BRIDGEPORT, W. Va. (WDTV)- Lake-effect snow forms when cold air passes over the warmer waters of a lake. Water holds on to heat more than air. As a result, below freezing air often passes over much warmer water. This causes some lake water to evaporate into the air and warm it.
This warmer, wetter air rises and cools as it moves away from the lake. When it cools, it dumps all that moisture on the ground. If it’s cold enough, that moisture becomes snow.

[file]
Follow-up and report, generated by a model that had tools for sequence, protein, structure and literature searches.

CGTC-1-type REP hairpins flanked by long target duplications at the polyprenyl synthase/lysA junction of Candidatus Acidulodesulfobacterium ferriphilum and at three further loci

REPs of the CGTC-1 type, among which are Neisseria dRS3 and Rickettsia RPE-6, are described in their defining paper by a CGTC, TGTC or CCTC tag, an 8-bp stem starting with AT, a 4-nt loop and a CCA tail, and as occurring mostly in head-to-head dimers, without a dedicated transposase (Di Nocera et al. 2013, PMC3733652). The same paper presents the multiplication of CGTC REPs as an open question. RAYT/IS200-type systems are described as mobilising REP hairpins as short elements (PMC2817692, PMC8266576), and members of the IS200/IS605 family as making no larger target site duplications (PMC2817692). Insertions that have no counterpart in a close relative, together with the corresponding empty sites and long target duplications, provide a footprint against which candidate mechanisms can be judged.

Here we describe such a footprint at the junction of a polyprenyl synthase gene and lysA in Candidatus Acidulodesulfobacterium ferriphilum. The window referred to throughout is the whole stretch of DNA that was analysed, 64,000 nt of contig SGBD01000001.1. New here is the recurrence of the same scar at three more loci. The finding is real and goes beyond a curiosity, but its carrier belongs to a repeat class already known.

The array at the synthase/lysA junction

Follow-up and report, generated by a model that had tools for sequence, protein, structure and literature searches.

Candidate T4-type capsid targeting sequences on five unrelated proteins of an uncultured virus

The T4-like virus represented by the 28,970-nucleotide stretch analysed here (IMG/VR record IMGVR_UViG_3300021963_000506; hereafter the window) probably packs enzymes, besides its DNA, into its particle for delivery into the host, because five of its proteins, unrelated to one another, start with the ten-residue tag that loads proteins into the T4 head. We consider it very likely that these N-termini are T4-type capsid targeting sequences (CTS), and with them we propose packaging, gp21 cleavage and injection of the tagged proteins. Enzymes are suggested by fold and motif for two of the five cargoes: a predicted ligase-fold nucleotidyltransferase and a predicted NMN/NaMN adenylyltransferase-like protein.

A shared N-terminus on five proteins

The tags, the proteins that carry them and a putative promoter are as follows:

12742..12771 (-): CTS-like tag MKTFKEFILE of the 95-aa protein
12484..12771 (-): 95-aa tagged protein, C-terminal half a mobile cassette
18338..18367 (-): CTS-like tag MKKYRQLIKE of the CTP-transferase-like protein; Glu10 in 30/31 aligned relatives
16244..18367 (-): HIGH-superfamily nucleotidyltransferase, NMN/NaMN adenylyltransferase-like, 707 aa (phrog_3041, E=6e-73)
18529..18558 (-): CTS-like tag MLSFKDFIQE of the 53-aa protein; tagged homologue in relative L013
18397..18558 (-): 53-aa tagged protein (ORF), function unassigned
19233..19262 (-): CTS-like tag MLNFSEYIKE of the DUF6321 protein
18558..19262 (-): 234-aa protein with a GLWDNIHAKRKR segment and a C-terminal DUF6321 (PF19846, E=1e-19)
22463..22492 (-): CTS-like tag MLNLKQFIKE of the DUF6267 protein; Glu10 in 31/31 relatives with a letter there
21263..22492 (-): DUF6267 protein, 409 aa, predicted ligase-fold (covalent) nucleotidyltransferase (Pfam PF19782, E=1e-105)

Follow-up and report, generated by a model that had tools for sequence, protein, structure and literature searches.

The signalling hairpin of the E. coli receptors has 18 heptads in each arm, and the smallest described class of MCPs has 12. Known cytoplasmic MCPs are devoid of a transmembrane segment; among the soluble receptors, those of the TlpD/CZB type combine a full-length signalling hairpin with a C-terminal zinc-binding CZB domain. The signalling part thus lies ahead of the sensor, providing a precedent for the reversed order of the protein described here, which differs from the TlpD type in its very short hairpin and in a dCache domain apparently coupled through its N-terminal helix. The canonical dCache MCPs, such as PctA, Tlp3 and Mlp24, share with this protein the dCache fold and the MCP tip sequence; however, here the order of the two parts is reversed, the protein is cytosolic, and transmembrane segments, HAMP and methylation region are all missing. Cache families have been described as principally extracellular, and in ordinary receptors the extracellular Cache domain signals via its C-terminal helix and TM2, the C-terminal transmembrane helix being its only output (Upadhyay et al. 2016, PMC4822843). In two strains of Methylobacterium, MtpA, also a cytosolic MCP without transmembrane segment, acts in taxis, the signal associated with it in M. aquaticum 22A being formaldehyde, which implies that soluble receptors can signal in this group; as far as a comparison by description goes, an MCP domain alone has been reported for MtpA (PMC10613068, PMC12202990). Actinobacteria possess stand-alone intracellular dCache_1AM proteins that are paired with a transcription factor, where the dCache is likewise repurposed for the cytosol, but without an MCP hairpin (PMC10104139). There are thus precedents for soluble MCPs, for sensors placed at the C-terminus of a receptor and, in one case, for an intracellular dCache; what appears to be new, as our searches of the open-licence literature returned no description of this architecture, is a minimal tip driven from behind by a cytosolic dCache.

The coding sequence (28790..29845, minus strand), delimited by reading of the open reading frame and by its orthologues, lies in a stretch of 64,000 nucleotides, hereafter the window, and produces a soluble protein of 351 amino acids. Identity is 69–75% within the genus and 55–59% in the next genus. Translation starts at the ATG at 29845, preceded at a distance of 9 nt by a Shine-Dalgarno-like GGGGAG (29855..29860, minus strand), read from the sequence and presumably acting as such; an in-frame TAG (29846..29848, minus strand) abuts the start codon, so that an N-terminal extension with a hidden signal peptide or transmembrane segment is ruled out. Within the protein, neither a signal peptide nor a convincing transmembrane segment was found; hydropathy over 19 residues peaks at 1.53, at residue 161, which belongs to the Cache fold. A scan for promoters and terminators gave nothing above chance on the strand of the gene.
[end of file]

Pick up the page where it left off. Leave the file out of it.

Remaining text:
If the winds and temperatures are right, the air acts like a big sponge that sops up water from the lake and wrings it out on land. The direction of the wind is important. If the wind is blowing in a direction that covers more of the lake, the air will take in more water. The greater the temperature difference the more water the air will take in.